Thursday, July 8, 2010

Week In Review

State Capitol Week in Review

LITTLE ROCK – The Office of Procurement oversees the many areas in which state government buys commodities, equipment and services from the private sector.

If you own a business and have an interest in selling goods to state government agencies, you can get valuable advice from the Procurement Office about how to start. The Office has a manual for vendors that is available online at this address:

The main page for the Procurement Office is at this web address:

The page has many helpful links that display contracts being bid and commodities the state government wants to buy. It also lists agency staff and contact information.

The Cooperative Extension Service, which is run by the Agriculture Division of the University of Arkansas, operates an office that advises people on how to get government contracts. It's called the Arkansas Procurement Assistance Center (APAC) and its web page is at this address:

If more Arkansas businesses become adept at contracting with state government, they are more likely to prosper and create jobs. The result is economic development.

Arkansas was one of four states to end the fiscal year in relatively sound financial shape. The others are Alaska, Montana and North Dakota. All other states did not have enough revenue to pay for planned expenditures.

State revenue fell for the second consecutive year, but because of conservative budgeting we avoided drastic cuts in services that other states were forced to make. Also, the governor tapped into rainy day funds to avoid cuts.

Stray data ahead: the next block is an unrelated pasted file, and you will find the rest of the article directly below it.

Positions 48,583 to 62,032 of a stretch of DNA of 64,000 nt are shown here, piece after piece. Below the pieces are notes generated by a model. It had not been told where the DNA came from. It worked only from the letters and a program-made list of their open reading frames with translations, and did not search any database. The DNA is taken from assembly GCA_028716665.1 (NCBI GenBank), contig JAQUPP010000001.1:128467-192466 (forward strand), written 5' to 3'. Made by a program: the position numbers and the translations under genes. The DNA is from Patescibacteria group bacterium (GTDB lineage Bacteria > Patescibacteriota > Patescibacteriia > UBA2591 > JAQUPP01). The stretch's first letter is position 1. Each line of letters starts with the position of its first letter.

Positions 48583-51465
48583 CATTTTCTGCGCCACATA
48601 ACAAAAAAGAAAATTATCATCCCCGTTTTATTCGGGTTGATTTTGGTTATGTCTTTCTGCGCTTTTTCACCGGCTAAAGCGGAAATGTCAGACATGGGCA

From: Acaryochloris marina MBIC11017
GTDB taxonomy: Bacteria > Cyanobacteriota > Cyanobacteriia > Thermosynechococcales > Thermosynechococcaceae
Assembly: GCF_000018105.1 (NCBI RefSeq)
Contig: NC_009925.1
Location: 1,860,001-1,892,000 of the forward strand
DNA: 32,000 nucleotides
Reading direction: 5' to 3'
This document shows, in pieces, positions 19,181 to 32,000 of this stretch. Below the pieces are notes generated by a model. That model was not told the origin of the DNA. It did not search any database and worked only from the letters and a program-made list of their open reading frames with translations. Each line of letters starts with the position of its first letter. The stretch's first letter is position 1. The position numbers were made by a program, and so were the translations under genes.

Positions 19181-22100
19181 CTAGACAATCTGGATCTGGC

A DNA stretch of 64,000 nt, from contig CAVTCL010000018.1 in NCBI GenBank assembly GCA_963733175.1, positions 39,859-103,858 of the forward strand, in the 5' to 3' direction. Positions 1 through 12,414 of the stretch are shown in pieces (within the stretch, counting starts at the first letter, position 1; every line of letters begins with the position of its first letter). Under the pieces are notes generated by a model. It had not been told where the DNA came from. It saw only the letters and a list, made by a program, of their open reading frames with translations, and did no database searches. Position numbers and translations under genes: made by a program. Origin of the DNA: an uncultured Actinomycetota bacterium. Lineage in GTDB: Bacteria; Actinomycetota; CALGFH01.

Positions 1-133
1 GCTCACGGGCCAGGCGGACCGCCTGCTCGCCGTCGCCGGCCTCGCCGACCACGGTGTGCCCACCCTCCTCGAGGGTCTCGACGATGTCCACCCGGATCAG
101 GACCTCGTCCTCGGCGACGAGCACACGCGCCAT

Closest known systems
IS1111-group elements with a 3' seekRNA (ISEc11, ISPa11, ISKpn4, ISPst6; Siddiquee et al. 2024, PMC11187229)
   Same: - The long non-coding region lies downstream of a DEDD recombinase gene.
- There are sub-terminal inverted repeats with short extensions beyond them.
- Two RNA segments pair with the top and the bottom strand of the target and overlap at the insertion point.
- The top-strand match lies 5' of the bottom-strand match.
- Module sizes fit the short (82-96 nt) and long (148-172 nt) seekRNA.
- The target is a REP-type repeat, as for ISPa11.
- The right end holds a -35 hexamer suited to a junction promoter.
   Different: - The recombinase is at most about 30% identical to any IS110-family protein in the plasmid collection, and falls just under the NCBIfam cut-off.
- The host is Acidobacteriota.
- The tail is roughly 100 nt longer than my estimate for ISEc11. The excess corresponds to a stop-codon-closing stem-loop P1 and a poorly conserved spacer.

The 2010 fiscal year ended on the final day of June. Over the course of the year, Arkansas state government had to reduce spending by $246.9 million from the amounts originally budgeted. The Revenue Stabilization Act, which the legislature enacts every year in Arkansas, is our balanced budget law. It prioritizes all state agency spending. When state revenue decreases, state spending decreases accordingly.

Unlike the federal government, state government does not deficit spend. During the fiscal session earlier this year the legislature adopted very conservative budgets for state agencies. As a result of tight budgeting and forecasting, the state ended the 2010 fiscal year with a small reserve fund.

The reserves will allow the state to put $25 million in education funding. The importance of this is that it will help maintain adequate funding of K-12 in case the economy doesn't rebound.

Also, the state was able to restore $10 million that had been cut from state aid to colleges and universities. Legislators had agreed to give up about $6 million in General Improvement Funds, which pay for local projects. That amount was restored at the close of the fiscal year. Finally, about $14 million was put back into rainy day funds.

State budget officials and economists expect slow improvement in the coming year, and hope that the economy in Arkansas may have hit bottom and begun a rebound. However, to be on the safe side the state will continue to budget cautiously and conservatively.

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